Iroquoian.—The French missions among the Hurons began in 1615–1616 with Father le Caron of the Recollect order; those of the Jesuits with Father Brebœuf in 1626. These missions flourished, in spite of wars and other adverse circumstances, till the invasion of the Huron country in Ontario by the Iroquois in 1641 and again in 1649 brought about their destruction and the dispersal of the Hurons who were not slain or carried off as prisoners by the victors. Some took refuge among neighbouring friendly tribes; others settled finally at Lorette near Quebec, &c. The Wyandots, now in Oklahoma, are another fragment of the scattered Hurons. The Hurons of Lorette numbered in 1908, 1 Anglican, 6 Presbyterians and 459 Catholics. The Wyandots of Oklahoma are largely Protestants. The mission among the Mohawks of New York was established in 1642 by Father Jogues (afterwards martyred by the Indians), and in 1653 the church at Onondaga was built, while during the next few years missions were organized among the Oneida, Cayuga and Seneca, to cease during the warlike times of 1658-66, after which they were again established among these tribes. The mission of St François Xavier des Pré (La Prairie), out of which came the modern Caughnawaga, was founded in 1669, and here gathered many Christian Iroquois of various tribes Mohawk especially. About this time the Iroquois settlement on the Bay of Quinte, Ontario, was formed by Christian Mohawks, Cayugas, &c. The Lake of the Two Mountains mission dates from 1720, that of St Regis from 1756. Another mission at Oswegatchie, founded in 1748, was abandoned in 1807. The Episcopal missions among the Iroquois began early in the 18th century, the Mohawks being the first tribe influenced, about 1700. The extension of the work among the other Iroquoian tribes was aided by Sir William Johnson in the last half of the century and by Chief Joseph Brant, especially after the removal of those of the Iroquois who favoured the British to Canada at the close of the War of Independence. In 1776 the Congregationalists established a mission among the New York Oneida, and later continued their labours also among the Oneida of Wisconsin. The Congregational mission among the New York Seneca began in 1831. In 1791–1798, at the request of Chief Cornplanter, the Pennsylvania Quakers established missions among the Oneida, Tuscarora and Seneca. The Moravian missions among the New York Onondaga were established under the Rev. David Zeisberger about 1745. The Methodist missions among the Ontario Iroquois date from 1820. Of the “Six Nations” Indians of the Grand river, Ontario, the Cayuga and Onondaga are still “pagan,” the others being Anglican, Methodist and other denominations, including Seventh Day Adventists, Salvation Army, &c. Among the New York Iroquois great variety of religious faith also exists, the Presbyterians (largest), Methodists, Episcopalians and Baptists being all represented. The Iroquois of Caughnawaga and St Regis are mainly Catholic; at Caughnawaga there is, however, a Methodist school.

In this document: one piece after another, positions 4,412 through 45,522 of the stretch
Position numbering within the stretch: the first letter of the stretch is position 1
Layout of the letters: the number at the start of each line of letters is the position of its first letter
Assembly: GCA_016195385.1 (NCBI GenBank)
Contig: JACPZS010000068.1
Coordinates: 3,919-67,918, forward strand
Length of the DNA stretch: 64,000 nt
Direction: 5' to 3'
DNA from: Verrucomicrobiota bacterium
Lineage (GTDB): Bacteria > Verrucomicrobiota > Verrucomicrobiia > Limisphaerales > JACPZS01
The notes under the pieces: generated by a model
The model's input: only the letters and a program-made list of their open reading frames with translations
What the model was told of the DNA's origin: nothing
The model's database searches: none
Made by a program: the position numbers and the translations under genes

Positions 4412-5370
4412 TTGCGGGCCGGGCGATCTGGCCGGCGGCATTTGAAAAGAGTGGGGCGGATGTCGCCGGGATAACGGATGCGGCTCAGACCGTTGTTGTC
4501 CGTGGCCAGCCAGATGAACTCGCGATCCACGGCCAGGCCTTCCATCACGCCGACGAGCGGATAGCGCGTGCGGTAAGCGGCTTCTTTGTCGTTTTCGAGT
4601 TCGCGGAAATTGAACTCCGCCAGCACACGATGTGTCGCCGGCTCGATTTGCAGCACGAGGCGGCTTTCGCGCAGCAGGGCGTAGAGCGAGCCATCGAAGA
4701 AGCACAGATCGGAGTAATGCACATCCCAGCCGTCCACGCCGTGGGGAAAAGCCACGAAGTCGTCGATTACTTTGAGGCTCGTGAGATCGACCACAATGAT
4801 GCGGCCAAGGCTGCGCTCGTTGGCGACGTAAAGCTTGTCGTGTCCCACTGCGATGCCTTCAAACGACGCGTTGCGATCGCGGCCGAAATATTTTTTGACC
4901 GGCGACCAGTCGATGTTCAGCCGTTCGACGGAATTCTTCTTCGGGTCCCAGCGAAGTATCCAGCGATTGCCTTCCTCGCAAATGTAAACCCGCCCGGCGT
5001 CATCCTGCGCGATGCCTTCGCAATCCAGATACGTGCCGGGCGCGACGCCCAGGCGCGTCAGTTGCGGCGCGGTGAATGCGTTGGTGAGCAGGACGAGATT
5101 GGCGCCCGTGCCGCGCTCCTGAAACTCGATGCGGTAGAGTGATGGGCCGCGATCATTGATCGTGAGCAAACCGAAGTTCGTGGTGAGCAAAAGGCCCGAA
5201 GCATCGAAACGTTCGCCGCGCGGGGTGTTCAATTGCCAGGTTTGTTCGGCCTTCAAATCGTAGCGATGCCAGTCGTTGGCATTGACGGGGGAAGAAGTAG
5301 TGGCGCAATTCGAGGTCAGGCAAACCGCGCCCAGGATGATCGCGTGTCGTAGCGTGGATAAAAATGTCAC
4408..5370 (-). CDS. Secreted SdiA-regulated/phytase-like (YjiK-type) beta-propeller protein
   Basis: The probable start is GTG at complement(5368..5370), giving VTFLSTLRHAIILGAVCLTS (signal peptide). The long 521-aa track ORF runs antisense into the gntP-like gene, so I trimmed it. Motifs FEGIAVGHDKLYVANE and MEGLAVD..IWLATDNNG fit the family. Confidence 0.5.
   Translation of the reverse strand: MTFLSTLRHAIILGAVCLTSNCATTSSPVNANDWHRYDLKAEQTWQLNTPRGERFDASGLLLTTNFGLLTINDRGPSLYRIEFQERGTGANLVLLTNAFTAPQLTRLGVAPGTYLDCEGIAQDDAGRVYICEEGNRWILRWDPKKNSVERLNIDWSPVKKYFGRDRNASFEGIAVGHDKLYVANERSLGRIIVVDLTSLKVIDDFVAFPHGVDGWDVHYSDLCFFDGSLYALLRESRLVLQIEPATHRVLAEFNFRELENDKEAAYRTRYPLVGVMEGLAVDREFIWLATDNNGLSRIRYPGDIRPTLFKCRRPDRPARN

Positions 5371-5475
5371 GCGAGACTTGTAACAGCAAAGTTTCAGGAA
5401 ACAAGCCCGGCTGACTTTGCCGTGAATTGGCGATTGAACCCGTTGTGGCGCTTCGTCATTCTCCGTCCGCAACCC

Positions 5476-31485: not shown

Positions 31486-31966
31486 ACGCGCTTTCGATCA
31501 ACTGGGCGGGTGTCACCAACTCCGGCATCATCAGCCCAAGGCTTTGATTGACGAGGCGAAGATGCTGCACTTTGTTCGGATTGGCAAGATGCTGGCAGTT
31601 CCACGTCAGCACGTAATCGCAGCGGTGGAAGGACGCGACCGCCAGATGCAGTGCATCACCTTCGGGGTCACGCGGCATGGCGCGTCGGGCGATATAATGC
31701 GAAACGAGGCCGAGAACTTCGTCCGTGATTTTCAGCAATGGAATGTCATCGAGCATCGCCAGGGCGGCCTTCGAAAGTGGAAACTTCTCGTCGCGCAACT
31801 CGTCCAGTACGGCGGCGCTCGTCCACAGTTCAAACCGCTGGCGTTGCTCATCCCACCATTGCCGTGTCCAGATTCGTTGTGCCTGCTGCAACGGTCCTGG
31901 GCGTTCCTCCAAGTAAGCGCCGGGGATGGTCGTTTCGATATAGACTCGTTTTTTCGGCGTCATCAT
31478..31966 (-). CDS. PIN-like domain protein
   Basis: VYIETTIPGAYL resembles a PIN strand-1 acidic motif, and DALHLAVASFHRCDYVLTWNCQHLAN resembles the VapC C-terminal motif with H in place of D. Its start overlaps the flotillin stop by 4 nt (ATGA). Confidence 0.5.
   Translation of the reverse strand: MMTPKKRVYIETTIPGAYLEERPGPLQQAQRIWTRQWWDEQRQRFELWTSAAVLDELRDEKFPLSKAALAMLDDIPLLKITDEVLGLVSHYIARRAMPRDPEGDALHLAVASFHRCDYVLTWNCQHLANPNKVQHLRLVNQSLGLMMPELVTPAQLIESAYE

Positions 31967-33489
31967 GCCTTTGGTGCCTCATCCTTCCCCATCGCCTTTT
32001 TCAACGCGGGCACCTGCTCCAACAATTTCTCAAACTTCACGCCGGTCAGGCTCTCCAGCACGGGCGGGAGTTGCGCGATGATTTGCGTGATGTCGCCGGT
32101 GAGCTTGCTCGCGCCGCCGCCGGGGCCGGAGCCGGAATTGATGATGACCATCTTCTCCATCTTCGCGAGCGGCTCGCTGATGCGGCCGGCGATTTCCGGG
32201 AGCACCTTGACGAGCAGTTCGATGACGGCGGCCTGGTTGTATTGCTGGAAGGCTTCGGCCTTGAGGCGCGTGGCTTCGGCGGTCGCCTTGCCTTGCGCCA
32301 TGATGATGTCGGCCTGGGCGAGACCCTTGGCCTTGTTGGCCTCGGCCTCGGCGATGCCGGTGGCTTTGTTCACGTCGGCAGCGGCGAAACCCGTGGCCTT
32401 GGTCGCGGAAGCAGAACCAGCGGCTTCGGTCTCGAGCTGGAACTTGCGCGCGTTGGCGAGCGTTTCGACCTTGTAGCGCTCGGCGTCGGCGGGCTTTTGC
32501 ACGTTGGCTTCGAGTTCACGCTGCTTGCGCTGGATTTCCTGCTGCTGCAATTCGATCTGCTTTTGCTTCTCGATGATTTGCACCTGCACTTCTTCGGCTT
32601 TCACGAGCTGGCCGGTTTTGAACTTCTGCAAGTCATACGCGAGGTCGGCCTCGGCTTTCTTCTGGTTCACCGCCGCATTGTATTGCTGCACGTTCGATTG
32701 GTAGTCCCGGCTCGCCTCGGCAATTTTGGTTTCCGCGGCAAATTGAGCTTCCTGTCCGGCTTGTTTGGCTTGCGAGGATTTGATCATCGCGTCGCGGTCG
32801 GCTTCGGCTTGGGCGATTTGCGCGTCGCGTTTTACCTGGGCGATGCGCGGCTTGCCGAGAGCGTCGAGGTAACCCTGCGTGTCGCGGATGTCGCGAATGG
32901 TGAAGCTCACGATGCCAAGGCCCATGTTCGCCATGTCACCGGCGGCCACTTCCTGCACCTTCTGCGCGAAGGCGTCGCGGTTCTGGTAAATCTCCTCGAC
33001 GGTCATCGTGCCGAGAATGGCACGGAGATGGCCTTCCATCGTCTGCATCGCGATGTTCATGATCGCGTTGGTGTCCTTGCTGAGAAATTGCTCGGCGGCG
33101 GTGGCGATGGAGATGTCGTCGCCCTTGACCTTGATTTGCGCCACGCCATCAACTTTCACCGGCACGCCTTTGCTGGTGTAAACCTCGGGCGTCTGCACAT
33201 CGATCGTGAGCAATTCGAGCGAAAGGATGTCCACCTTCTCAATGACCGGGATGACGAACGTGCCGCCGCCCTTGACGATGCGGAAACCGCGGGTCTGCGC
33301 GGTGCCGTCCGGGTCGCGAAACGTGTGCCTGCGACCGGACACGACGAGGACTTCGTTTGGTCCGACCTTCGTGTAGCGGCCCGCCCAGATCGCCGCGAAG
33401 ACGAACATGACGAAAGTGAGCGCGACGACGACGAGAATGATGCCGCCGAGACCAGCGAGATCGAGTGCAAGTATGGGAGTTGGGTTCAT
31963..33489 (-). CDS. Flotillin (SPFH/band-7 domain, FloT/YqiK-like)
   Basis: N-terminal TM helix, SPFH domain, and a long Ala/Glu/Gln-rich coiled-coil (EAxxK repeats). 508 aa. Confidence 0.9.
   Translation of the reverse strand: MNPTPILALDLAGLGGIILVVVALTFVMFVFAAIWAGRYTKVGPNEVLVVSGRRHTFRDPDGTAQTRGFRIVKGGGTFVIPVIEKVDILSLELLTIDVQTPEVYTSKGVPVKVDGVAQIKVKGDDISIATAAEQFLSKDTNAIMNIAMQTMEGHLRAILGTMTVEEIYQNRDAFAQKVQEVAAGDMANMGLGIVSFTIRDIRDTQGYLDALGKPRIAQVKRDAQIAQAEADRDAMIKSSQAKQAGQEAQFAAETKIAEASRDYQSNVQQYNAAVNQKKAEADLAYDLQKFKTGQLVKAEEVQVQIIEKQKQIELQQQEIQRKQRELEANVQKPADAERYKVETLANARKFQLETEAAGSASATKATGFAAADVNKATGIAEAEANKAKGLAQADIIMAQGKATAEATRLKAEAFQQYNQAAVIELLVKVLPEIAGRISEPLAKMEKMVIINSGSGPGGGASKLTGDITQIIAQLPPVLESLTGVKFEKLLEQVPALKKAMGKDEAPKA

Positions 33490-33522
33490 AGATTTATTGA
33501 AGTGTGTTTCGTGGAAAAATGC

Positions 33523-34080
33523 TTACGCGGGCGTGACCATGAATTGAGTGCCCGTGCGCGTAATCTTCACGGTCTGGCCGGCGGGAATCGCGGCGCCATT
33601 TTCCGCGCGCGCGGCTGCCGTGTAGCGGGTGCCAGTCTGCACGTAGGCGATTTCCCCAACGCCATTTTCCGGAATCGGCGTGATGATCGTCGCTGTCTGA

Muskogian.—Several tribes of this stock came under the influence oi the missions established by the Spanish friars along the Atlantic coast after the founding of St Augustine in 1565. The missionaries in this region were chiefly Franciscans, who succeeded the Jesuits. Ihey were very successful among the Apalachee, but these Indiana were constantly subject to attack by the Yamasi, Creek, Catawba and other savage peoples, and in 1703–1704 they were destroyed or taken captive, and the missions came to an end. A few of the survivors were gathered later at Pensacola for a time. In the early Part of the 18th century French missions were established among the Choctaw, Natchez, &c., and the Jesuits laboured among the Alibamu from 1725 till their expulsion in 1764. From 1735 to 1739 the Moravians (beginning under Spangenberg) had a mission school among the Yamacraw, a Creek tribe near Savannah. In 1831 a Presbytenan mission was established among the Choctaw on the Yalabusha river in northern Mississippi, to which went in 1834 the Rev. Cyrus Byington, the Eliot mission over which he presided there and in the Indian Territory till 1868 being one of great importance. After the removal of the Indians to the Indian Territory more missions were established among the Choctaw, the Creek and the Seminole, &c. the work was much interfered with by the Civil War of 1861-65, but the mission work was afterwards reorganized. The Baptist missions among the Choctaw began in 1832 and among the Creek in 1839. The “Choctaw Academy,” a high school, at Great Crossings, Kentucky, chiefly for young men of the Choctaw and Creek nations, was founded in 1819 and continued for twenty-four years. In 1835 a Methodist mission was established among the Creek, but soon abandoned, to be reorganized later on. Among the Indians of Oklahoma, the Catholic and Mormon churches and practically all the Protestant denominations, including the Salvation Army and the Christian Scientists, are now represented by churches, schools, missions, &c. The missionaries among the Muskogian tribes during the last half of the 18th century. as may be seen from Pilling's Bibliography of the Muskhogean Languages (1889), furnished many able students of Indian tongues, whose researches have been of great value in philology. This is true likewise of labourers in the mission-field among the Algonkian, Iroquoian, Athabaskan, Siouan and bahshan tribes and among the Eskimo. The celebrated “Eliot Bible,” the translation (1663) of the scriptures into the language of the Algonkian Indians of Massachusetts, made by the Rev. John Eliot (q.v.), is a monument of missionary endeavour and prescientific study of the aboriginal tongues. In his work Eliot, like many other missionaries, had the assistance of several Indians. The names of such mission-workers as Egede, Kleinschmidt, Fabricius, Erdmann, Kohlmeister, Bruyas, Zeisberger, Dencke, Rasles, Gravier, Mengarini, Giorda, Worcester, Byington, Wright, Riggs, Dorsey, Williamson, Voth, Eells, Pandosy, Veniaminov, Barnum, André, Mathevet, Thavenet, Cuoq, Sagard, O'Meara, Jones, Wilson, Rand, Lacombe, Petitot, Maclean, Hunter, Horden, Kirkby, Watkins, Tims, Evans, Morice, Hall, Harrison, Legoff, Bompas, Peck, &c., are familiar to students of the aboriginal tongues of America.